Guillain-Barre Syndrome may occur as a result of molecular mimicry. - GreenMedInfo Summary
[Guillain-Barré Syndrome and its association with infectious factors].
Neurol Neurochir Pol. 2005 May-Jun;39(3):230-6. PMID: 15981163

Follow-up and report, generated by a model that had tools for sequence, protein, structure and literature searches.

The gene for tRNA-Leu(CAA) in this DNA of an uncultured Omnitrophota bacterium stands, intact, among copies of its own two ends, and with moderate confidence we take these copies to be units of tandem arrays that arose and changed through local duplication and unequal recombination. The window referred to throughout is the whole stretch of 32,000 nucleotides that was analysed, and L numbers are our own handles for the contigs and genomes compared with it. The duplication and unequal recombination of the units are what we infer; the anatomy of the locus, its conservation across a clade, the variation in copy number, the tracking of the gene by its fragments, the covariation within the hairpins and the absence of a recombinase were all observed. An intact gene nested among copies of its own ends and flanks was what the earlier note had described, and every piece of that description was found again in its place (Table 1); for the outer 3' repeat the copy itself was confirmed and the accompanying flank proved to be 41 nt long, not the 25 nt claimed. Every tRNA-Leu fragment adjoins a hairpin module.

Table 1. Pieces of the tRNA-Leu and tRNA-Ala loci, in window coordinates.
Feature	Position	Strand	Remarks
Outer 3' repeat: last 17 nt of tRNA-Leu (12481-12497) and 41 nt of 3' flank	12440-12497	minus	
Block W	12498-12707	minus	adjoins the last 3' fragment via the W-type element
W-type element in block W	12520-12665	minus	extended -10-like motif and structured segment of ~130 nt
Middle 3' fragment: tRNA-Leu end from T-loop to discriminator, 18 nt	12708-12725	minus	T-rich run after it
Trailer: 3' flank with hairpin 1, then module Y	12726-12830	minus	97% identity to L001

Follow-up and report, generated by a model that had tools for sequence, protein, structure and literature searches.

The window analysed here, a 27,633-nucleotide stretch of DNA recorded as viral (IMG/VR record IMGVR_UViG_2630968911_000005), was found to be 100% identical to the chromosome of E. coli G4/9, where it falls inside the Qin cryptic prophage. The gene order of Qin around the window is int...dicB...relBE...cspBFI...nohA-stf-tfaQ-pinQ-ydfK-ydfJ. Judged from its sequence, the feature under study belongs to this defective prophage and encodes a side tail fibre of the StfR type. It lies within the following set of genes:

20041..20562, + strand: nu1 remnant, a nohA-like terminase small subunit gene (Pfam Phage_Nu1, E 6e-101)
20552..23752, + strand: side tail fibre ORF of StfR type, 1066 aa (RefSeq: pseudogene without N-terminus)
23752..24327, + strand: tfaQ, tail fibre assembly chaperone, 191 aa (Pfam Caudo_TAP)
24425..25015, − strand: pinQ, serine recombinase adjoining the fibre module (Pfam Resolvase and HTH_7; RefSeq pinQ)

Guillain-Barré Syndrome (GBS) is an acute polyneuropathy often triggered by inflammatory and probably autoimmune mechanisms. Development of GBS is in 2/3 of cases preceded by acute infection, typically with gastrointestinal or respiratory symptoms. Infectious agents related to GBS include cytomegalovirus, Epstein-Barr virus, Campylobacter jejuni, Mycoplasma pneumoniae and Haemophilus influenzae. Molecular mimicry seems to be responsible for GBS development after infection, through the synthesis of autoantibodies against myelin gangliosides. Autoimmune reactions develop only in a small fraction of all exposed individuals, depending on still unresolved factors. Different infections lead to forms of GBS differing in spectrum of autoantibodies and in frequency with which different clinical symptoms appear. This may be of some significance for early prognosis and in future possibly for choosing therapeutic options. An increased risk of GBS may be also related to vaccination, but with presently used vaccines this increase remains below one case of GBS per one million doses.